Saturday, October 26, 2002

Police still get tips about murder of girl


13 years later, death still haunts town

By Joe Milicia
The Associated Press

BAY VILLAGE, Ohio - The unsolved murder of Amy Mihaljevic, the 10-year-old whose smiling grade-school photo appeared across the country following her 1989 disappearance, still draws about a tip a month to the city's police department.

"This is 13 years later. It's amazing," Bay Village Police Chief David White said. "It's still in people's minds."

Amy's disappearance on Oct. 27, 1989, jolted this upscale, lakeside community in a way that hadn't been felt since the 1954 murder of Marilyn Sheppard. Dr. Sam Sheppard, Marilyn's husband, was convicted then acquitted in a case that made international headlines.

A jogger found Amy's body on Feb. 8, 1990, on a rural Ashland County road about 50 miles south of Bay Village. She had been stabbed twice in the neck and struck with a blunt object on the back of her head.

Earlier this month, a psychiatric patient interrupted Mass at a church in nearby Fairview Park to say he had killed Amy. He was charged with inducing panic and quickly ruled out as a suspect.

Amy was last seen talking to a man at a shopping center across the street from the Bay Village police station.

Jerry Masisak, who owns Arthur's Shoe Tree in the plaza, easily recalls the day.

It was a Friday, sunny, with children happily gathered after school at Baskin Robbins ice cream store, Mr. Masisak said.

Mr. Masisak sits in a chair where customers try on shoes and looks out his storefront window to where Amy was last seen. He winces a bit.

He didn't see it happen.

"That bugs me to no end. I feel like I should have been sticking my nose where it shouldn't have been," he said. "I should have had my face pressed up against the glass."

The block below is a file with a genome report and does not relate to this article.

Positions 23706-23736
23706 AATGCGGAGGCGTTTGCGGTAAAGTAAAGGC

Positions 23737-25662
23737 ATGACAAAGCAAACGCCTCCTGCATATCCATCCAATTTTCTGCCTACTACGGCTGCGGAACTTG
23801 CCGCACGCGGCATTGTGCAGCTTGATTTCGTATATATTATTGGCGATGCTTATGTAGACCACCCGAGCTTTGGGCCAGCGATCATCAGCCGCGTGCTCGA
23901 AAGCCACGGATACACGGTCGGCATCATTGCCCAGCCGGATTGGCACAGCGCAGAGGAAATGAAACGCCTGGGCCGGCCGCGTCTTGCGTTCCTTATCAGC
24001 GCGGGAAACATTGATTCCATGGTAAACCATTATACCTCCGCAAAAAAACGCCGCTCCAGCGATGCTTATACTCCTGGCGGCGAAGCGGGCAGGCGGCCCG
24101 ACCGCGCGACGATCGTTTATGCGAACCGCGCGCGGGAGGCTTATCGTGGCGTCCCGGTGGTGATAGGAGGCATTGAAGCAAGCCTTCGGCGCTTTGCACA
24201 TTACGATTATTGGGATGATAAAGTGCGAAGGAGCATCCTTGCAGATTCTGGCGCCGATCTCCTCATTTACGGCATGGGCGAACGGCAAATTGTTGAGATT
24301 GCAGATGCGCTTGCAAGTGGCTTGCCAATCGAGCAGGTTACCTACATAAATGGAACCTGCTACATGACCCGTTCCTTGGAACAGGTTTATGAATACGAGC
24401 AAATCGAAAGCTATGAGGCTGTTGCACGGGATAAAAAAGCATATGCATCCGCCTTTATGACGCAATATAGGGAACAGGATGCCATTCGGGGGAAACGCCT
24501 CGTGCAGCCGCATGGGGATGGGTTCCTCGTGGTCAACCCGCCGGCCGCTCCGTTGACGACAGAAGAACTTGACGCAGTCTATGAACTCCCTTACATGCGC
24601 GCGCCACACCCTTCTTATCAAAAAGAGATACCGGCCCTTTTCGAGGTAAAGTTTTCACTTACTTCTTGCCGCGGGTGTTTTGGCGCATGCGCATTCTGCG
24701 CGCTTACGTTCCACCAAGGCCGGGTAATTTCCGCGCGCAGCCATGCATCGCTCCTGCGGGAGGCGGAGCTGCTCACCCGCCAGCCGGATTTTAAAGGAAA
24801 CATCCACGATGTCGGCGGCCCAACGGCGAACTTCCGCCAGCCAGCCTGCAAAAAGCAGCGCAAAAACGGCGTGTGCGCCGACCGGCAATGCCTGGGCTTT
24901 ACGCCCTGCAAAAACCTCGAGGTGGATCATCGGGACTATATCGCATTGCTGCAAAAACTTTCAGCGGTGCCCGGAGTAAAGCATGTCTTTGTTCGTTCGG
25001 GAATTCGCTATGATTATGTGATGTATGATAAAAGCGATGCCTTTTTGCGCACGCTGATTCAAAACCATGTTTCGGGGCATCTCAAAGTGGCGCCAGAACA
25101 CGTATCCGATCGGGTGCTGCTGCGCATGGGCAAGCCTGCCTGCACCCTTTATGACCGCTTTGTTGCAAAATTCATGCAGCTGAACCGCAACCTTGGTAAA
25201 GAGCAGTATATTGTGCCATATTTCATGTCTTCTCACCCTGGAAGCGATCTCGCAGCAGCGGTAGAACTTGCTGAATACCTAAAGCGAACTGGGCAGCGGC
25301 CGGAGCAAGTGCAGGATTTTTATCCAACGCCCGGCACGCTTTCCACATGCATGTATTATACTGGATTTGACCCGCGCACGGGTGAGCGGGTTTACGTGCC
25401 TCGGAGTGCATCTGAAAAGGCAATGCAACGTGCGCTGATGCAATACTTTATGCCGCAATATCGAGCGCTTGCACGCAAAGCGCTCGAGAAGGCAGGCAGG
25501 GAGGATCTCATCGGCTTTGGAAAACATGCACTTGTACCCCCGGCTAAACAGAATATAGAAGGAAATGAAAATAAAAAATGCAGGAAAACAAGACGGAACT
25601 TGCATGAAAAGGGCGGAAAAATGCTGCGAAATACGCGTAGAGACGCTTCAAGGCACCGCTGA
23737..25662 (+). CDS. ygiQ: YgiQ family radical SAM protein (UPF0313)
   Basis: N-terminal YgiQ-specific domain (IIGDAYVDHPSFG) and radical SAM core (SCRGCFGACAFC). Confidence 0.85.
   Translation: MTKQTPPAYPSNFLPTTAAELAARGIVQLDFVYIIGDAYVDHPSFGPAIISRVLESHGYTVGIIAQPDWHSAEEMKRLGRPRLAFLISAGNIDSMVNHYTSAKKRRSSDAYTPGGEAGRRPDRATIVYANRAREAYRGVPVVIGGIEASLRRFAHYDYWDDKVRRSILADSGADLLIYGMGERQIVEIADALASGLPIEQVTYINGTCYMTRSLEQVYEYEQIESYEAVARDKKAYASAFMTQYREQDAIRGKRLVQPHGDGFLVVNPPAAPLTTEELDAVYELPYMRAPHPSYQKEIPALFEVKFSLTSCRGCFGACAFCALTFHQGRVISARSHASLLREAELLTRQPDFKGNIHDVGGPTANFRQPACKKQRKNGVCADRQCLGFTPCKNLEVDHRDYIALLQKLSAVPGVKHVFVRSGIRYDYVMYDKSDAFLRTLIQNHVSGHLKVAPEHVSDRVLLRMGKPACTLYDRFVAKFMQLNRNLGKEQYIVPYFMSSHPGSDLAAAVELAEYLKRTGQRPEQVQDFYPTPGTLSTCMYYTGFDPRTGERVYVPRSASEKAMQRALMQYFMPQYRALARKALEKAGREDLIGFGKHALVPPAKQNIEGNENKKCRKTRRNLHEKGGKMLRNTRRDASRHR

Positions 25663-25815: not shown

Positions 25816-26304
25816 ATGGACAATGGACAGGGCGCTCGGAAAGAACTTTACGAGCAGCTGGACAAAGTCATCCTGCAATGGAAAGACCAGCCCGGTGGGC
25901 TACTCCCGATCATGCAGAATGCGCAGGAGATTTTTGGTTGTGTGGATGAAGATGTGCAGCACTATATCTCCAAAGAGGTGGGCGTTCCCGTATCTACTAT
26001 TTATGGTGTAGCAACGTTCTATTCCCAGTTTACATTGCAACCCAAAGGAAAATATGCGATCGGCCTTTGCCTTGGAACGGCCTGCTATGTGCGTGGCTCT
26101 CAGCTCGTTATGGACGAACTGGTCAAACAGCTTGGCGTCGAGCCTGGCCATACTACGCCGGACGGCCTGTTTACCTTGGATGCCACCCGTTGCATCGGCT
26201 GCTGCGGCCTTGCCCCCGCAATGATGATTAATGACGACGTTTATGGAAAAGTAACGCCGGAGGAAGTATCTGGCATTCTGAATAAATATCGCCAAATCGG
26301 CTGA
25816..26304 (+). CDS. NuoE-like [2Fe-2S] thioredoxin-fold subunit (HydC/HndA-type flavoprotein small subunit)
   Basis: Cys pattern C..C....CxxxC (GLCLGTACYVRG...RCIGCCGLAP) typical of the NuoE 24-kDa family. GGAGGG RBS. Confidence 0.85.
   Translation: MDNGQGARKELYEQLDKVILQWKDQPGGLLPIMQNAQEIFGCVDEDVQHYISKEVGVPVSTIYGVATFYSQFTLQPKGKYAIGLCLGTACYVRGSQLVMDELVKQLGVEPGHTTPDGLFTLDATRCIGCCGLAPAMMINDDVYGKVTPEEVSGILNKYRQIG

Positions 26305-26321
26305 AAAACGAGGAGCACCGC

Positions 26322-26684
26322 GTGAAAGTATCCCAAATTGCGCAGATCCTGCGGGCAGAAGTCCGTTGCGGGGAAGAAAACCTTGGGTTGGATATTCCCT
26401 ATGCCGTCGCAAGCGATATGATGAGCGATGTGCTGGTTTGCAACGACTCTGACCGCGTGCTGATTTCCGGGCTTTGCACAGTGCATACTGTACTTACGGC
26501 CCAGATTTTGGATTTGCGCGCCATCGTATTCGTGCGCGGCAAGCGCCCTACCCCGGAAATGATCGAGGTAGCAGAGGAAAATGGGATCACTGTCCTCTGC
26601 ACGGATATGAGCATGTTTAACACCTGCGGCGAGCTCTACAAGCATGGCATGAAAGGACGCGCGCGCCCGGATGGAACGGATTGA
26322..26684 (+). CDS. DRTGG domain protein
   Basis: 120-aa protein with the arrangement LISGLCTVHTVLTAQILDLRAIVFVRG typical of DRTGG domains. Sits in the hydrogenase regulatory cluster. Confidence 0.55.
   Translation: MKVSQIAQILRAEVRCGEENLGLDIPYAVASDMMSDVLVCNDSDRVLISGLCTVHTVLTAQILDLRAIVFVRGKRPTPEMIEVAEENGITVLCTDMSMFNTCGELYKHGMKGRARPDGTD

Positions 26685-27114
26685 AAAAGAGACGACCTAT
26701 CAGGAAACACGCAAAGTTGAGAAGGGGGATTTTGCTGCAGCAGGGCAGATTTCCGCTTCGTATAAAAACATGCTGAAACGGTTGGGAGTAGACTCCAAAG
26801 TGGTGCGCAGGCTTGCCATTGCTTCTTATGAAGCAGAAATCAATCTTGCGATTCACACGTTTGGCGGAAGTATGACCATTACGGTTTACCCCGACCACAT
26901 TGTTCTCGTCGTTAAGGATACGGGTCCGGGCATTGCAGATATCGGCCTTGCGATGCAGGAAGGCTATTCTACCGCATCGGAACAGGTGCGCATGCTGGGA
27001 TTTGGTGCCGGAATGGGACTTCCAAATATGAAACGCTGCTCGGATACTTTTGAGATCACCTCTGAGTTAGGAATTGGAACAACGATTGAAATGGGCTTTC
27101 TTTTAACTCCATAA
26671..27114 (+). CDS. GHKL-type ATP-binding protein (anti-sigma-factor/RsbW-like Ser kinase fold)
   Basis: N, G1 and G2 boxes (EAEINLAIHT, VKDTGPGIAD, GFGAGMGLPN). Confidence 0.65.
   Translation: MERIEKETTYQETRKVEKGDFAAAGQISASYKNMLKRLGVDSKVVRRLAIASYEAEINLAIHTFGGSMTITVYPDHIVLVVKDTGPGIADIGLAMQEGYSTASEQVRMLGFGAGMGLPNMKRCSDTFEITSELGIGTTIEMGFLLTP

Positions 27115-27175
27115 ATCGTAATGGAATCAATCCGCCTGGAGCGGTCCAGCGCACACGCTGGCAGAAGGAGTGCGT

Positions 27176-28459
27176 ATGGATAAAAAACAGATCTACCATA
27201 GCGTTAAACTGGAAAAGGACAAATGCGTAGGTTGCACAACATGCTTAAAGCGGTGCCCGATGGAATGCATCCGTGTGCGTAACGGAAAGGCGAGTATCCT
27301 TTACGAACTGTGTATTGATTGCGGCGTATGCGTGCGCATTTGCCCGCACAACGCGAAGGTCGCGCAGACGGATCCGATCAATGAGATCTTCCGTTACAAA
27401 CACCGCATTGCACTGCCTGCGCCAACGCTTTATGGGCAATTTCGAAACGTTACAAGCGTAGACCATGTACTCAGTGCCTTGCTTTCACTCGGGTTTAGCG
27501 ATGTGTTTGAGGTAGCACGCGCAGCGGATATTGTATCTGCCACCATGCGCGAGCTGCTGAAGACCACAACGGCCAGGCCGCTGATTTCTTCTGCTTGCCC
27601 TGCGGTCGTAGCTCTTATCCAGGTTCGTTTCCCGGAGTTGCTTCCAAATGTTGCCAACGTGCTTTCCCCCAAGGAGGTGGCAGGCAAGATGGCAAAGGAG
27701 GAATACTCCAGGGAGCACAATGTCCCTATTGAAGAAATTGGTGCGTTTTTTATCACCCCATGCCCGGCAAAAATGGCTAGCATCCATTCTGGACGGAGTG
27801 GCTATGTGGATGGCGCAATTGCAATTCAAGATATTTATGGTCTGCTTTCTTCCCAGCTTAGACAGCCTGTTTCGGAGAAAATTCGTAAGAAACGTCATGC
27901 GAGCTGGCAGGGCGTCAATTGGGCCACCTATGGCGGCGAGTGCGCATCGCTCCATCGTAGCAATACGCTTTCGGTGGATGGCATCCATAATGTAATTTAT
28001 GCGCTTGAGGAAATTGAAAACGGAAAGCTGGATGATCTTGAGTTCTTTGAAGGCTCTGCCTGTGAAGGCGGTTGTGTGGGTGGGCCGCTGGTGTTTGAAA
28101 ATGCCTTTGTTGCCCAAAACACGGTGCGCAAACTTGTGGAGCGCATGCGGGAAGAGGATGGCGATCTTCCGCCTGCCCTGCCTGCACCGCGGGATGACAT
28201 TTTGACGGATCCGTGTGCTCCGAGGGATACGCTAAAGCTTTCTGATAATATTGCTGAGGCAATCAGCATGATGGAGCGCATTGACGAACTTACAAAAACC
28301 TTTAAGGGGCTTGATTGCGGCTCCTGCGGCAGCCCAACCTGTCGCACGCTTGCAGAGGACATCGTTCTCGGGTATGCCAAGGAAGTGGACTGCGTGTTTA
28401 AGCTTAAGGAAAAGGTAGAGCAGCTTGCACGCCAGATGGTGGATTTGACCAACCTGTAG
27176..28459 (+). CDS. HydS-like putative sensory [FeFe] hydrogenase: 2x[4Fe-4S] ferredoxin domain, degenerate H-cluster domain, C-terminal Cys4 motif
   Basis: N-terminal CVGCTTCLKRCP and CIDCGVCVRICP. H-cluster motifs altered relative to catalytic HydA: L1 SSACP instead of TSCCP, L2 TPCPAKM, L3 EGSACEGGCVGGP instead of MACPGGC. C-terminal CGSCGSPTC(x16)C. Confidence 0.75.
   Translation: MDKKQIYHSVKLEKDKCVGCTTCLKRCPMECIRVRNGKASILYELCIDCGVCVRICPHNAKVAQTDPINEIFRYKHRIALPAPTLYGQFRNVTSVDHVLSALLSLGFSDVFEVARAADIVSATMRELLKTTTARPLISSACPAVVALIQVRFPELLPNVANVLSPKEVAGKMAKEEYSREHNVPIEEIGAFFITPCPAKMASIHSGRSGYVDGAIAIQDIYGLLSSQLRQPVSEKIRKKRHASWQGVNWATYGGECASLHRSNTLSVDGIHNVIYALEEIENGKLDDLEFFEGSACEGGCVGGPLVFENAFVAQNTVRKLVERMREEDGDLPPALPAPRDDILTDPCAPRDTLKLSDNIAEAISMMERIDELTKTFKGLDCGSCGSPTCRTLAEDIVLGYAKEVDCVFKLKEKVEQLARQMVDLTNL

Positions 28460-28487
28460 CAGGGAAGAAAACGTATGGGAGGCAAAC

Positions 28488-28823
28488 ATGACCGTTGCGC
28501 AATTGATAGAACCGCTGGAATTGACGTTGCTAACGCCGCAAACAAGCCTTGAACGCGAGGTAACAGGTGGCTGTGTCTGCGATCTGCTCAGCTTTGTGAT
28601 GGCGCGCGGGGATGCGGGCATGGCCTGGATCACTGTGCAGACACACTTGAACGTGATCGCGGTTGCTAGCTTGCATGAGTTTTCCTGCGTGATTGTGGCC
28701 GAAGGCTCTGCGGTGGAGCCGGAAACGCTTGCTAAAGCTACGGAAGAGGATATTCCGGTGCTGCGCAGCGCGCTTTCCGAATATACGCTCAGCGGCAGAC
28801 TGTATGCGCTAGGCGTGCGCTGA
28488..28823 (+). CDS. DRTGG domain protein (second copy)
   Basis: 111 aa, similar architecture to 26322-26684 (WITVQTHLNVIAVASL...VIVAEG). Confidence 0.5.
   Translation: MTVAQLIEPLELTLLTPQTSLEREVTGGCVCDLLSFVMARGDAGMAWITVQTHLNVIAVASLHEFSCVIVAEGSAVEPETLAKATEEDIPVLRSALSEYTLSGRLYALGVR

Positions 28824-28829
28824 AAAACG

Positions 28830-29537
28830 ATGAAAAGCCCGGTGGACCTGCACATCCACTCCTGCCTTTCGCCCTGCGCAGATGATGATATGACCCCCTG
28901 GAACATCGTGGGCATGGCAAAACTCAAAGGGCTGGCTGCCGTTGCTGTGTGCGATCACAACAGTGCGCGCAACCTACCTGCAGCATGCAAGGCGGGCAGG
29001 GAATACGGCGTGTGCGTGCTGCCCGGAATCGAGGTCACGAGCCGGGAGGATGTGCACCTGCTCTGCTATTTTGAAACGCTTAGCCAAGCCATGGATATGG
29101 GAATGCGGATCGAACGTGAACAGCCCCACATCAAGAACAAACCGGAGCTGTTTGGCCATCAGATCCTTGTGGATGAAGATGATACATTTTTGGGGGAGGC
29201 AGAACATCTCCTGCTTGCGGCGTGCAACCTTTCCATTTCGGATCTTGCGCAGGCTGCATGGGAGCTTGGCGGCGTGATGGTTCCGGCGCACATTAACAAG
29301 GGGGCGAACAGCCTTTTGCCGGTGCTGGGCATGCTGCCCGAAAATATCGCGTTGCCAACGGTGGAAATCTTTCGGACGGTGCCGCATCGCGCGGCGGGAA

Mr. Masisak, who has four children, said he lost sleep after Amy's disappearance, trying to remember anything that would help solve the crime.

Former Bay Village Police Chief William Gareau said part of the problem with the case was that it was too broad. Too many tips that led nowhere. Everybody trying to come up with something, anything that would help.

Police had no description of the abductor's vehicle, and two girls who last saw Amy talking to the man couldn't agree on a description of him.

They think Amy's abductor called the girl at home, posing as an acquaintance of her mother. He drew her to the shopping center under the guise that they would buy a gift for her mother.

Authorities conducted more than 14,000 interviews and had more than 100 suspects. Chief Gareau said at one time there were 150 FBI agents on the case. Police put in 18-hour days, seven days a week for nine months.

Despite the 13 years that have passed, Detective Spaetzel still thinks Amy's murder will be solved.

"We are pretty confident that someday we will be able to resolve this," he said. "My feeling would be somebody knows about this other than the killer and they have some guilt and feel they need to come forward."




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